Born: July 7, 1927 Primary Instrument: Trumpet
A Grammy award winner, Doc has made more than 30 albums--from big band to jazz-fusion to classical. Two critically acclaimed Telarc CDs with the Cincinnati Pops Orchestra showcase his multifaceted talents from Bach to ballads. The Very Best of Doc Severinsen reprises fifteen of Doc's signature pieces. His other recordings include Unforgettably Doc with the Cincinnati Pops on Telarc, and the Grammy nominated Once More With Feeling on Amherst.
He received a Grammy Award for Best Jazz instrumental Performance - Big Band for his recording of Doc Severinsen and The Tonight Show Band-Volume I. Doc Severinsen and His Big Band/Swingin' the Blues is his latest release with Ed Shaughnessy and Ernie Watts.
Severinsen's accomplishments began in his hometown of Arlington, Oregon, population: 600. Carl H Severinsen was born on July 7th, 1927, and was nicknamed Little Doc after his father, Dr. Carl Severinsen a dentist. Little Doc had originally wanted to play the trombone. But the senior Severinsen, a gifted amateur violinist, urged him to study the violin. The younger Severinsen insisted on the trombone, but had to settle for the only horn available in Arlington's small music store -- a trumpet.
A week later, with the help of his father and a manual of instructions, the seven-year-old was so good that he was invited to join the high school band. At the age of twelve, Little Doc won the Music Educator's National Contest and, while still in high school, was hired to go on the road with the famous Ted Fio Rito Orchestra.
However, his stay with the group was cut short by the draft. He served in the Army during World War II and following his discharge, landed a spot with the Charlie Barnett Band. When this band broke up, Severinsen toured with the Tommy Dorsey, then, the Benny Goodman bands in the late 40's.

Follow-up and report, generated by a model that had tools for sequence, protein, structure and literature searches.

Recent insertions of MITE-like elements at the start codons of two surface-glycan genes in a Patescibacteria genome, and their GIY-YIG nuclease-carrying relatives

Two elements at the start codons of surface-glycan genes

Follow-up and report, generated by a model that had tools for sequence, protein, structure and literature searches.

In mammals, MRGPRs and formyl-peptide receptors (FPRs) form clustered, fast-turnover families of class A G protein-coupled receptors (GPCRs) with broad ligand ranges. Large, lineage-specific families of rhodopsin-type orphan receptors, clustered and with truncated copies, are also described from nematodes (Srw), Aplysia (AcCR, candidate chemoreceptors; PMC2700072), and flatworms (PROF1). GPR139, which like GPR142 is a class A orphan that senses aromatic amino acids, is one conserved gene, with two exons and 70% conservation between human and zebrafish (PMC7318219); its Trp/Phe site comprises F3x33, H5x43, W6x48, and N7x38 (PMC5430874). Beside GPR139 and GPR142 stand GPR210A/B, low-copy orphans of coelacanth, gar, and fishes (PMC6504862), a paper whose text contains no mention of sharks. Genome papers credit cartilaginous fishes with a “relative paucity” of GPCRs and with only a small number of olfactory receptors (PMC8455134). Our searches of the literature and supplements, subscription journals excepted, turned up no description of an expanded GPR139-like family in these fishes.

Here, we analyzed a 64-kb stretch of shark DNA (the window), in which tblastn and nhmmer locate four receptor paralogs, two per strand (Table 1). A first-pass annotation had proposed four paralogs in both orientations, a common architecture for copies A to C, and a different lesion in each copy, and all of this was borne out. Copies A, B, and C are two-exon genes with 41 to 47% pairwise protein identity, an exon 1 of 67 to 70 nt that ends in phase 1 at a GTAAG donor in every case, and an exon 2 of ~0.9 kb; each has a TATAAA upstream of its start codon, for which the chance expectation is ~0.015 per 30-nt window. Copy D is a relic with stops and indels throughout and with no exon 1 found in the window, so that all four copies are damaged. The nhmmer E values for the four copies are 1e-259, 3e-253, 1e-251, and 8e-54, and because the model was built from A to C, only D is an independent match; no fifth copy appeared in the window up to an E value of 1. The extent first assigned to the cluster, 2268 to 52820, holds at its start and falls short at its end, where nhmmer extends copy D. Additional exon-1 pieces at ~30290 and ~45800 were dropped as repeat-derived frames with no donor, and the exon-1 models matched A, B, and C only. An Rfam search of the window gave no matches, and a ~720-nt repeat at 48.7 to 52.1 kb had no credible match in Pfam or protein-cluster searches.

After his days with Barnett and Dorsey, Doc arrived in New York City in 1949 to become a staff musician for NBC. After years of playing with the peacock network’s studio bands, Severinsen was invited to do a gig with the highly respected Tonight Show Band. An impressed conductor, Skitch Henderson, asked him to join that band in 1962 as first trumpet. Five years later, Doc took over as Music Director for The Tonight Show and stayed with the show until Johnny Carson retired from late night television in 1992.
Bob Baine who played guitar on the Tonight Show Band for twenty years remembers Doc as in search of perfection. “When the band would rehearse in the afternoon, no matter how long of a break we would have on the show, we would all always go across the street, and Doc would practice. He would practice until he just had time to change his clothes and start. I would say Doc practiced four or five hours every day. And if he could, he’d practice eight hours.
Within a week of the final telecast, Doc Severinsen and His Big Band was on the road. Doc's group has been composed of The Tonight Show's best musicians -- Ed Shaughnessy on drums, Ernie Watts on tenor sax and Snooky Young on trumpet. Their repertoire includes Ellington and Basie standards, pop, jazz, ballads, big band classics and, of course, The Tonight Show theme.
Audiences are finally able to hear the depth of talent belonging to a band that rarely played a whole tune on the air. Severinsen can blow the roof off with a trumpet solo, but he is not the only accomplished soloist. Many of his band members get their well-deserved turns in the spotlight. Doc's tour dates are consistently sold out.
For many years, Doc dreamed of building his own horn. At the 2004 ITG in Denver, Doc launched the Destino™ by Severinsen Custom Trumpets. The Destino™ is his dream trumpet, handcrafted one at a time using old-fashioned, craftsman techniques. Each and every Destino™ is played by Doc (and sometimes, road-tested) to insure that each trumpet performs to his exacting standards.
Since moving to Mexico at the end of 2006, Doc has kept a busy performance schedule and made new discoveries in two very talented musicians from Mexico. Together with these gentlemen, Doc has crafted an innovative and exciting program.
El Ritmo de la Vida is, of course, the rhythm of life, a very apt description of Gil Gutierrez and Pedro Cartas and their music. It is classical Spanish with a jazz flair, gorgeous ballads, both Latino and American, plus some great movie music,and among their best received -- gypsy jazz, a la Django Reinhardt. Each are virtuosos and combined are electric. Add to this the soaring trumpet of Doc (not to mention his wardrobe!) and the experience is indescribably brilliant.